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Big Thief's U.F.O.F. is another emotional bruiser from Adrianne Lenker and co


Release date: 03 May 2019
30 April 2019, 12:01 Written by Emily Bootle
In "Contact" - the opening track of Big Thief’s U.F.O.F. - after several minutes of minor-key, ethereal folk calm, vocalist Adrianne Lenker pivots from consolatory musical whispers to bloodcurdling screams.

The song remains undisturbed at a steady, serene tempo, and the following few trundle on in a traditional folk mood. By the fifth track, "Open Desert", the music starts to move towards a sound that is more distinctly Big Thief. This slightly more challenging, emotionally raw territory is not a surprise: we’ve already heard the scream.

This jarring addition to the opener is a good emotional tone-setter for the whole record. Though the album is consistently soothing and soft, like a cashmere jumper, it is somehow not quite safe. Under the easy-on-the-ear surface is an urgent emotional quality that seems to be what distinguishes Big Thief from superficially similar acts.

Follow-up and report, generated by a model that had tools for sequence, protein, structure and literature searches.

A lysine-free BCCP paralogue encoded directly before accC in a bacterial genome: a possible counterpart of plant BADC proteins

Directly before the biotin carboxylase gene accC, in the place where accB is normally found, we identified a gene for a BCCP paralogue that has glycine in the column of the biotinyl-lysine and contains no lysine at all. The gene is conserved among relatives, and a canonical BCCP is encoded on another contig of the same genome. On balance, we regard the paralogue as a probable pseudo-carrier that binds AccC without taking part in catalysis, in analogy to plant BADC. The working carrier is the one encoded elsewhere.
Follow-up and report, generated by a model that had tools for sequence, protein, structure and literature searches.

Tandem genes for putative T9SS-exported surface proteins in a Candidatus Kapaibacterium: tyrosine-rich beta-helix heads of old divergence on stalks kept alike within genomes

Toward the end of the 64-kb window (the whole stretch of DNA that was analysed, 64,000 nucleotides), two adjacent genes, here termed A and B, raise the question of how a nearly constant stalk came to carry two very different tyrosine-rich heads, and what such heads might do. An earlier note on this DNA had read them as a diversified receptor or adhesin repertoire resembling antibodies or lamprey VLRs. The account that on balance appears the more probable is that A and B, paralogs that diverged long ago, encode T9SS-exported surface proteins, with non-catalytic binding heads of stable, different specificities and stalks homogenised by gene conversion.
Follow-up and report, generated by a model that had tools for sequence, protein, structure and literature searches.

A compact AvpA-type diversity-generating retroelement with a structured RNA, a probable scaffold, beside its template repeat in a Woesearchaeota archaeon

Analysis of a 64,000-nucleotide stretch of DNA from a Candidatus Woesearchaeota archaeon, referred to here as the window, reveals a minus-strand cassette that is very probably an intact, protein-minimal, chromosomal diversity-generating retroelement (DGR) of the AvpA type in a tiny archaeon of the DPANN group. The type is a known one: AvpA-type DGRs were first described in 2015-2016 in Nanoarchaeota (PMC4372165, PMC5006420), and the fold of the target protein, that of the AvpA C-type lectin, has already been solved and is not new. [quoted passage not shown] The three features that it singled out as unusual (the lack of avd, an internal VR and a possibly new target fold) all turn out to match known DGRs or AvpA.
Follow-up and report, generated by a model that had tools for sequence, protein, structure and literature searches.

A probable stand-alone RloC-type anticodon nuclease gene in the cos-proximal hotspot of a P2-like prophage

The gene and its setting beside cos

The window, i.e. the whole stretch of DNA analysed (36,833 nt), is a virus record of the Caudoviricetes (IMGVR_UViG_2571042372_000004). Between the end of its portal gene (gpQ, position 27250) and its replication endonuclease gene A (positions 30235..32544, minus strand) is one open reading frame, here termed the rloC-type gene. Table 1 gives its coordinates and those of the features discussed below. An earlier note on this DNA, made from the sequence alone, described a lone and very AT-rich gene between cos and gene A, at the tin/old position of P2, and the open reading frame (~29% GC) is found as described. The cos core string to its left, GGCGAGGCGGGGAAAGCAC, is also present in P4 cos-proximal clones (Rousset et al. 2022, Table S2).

This urgency intensifies throughout the record. Following the eerie opener, "UFOF" patters with fingerpicked guitar and soft drums, and "Cattails" is a slow stomp. By "Century", Lenker’s vocal is prominent in the mix and she whispers straight into our ear, evoking Jeff Buckley’s "Grace". The songs are progressively more expressive from hereon in, with an unprecedented vocal rawness in "Betsy" and an expansive build in "Jenni".

Despite the subtle shift in tone from beginning to end, this record is consistently imbued with a shifting, evocative sense of place, from the "great lakes" in "Cattails" to the "warm suburb air" in "Betsy". Though the band are based in New York, they are skilled at evoking the tranquility of wide prairies. It is this feeling that makes appropriate the album’s title, the music lifting us into zero gravity.

The album is existential at points, particularly in "Terminal Paradise" ("Terminal / We both know / Let me rest, let me go / See my death become a trail / And the trail leads to a flower / I will blossom in your sail"). This contributes to its vast, open atmosphere. While much of this genre of music evokes the tumbleweeds of middle America, Big Thief approach this sense of space in a wholly philosophical way.

The album does not have an obvious standout to rival "Masterpiece", but in a sense it doesn’t need one. We understand from the point of the shriek in "Contact" that it’s not going to be totally smooth sailing. Big Thief balance this emotional tension with profound calm. We cannot always tell which is most prominent. But lo and behold, by the close of "Magic Dealer", we are floating - "Still as the moment we’re lying in / Right now".

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